Post-Wildfire Soil and Aquifer Contamination: A Review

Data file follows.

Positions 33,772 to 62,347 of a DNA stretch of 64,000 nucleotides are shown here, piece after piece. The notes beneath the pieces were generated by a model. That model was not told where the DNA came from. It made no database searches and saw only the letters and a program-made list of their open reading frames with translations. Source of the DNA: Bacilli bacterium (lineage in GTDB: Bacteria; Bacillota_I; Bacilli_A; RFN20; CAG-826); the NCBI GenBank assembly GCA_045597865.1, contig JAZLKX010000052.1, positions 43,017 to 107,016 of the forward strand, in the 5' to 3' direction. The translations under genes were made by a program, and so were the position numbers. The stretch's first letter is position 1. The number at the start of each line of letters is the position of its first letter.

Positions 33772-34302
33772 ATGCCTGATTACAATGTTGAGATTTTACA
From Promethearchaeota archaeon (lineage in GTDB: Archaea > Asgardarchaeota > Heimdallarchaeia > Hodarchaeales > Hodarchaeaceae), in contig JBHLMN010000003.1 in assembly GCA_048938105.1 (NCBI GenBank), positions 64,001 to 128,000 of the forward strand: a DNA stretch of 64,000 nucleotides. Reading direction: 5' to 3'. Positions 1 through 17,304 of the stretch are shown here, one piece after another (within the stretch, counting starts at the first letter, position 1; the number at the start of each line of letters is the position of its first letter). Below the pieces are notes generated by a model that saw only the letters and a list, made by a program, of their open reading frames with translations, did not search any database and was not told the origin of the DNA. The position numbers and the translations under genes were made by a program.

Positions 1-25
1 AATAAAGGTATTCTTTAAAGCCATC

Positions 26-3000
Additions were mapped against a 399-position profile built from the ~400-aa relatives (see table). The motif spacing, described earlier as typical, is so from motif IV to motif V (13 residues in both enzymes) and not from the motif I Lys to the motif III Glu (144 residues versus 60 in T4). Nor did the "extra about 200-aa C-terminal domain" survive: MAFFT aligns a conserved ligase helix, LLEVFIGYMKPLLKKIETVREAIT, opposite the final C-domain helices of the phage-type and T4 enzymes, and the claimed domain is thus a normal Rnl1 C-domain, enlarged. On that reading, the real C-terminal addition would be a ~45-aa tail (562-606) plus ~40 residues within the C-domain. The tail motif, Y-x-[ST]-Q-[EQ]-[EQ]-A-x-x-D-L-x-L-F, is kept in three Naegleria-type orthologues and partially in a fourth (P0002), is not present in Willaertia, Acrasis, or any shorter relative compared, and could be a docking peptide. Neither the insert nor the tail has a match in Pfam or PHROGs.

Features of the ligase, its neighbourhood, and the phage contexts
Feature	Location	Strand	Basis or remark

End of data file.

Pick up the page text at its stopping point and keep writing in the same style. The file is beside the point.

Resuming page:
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The need to understand the effects of wildfire and post-fire contamination of soil and groundwater has grown as a result of the expansion of the extent and severity of wildfires around the world. In addition to their direct hazards, wildfires can also contribute to human and environmental health concerns due to secondary contamination, e.g., wildfire suppression such as aqueous film-forming foams (AFFF) can release per- and polyfluoroalkyl substances (PFAS) into the soil, which are very mobile, toxic, and persistent. Both direct seepage through the topsoil and biotransformation of fluorotelomers (FTs) determine the fate of PFAS in soils and aquifers. Research has indicated that phase partitioning behavior, such as sorption to soils and sediments, controls the fate and transport of chemicals in the environment According to various studies, the main soil or sediment characteristics that control PFAS’ sorption behavior include organic carbon (OC), pH, index cations, and ionic strength. However, neither OC, pH, nor clay-content alone could explain the sorption behavior of PFAS. More research is needed to help to understand the role of co-contaminants on the sorption behavior of PFAS, the role of surface charge on the sorption of PFAS, and on a wider range of PFAS chain compounds in the future. This paper aims to review the fate and transport of PFAS and identify the areas of research need.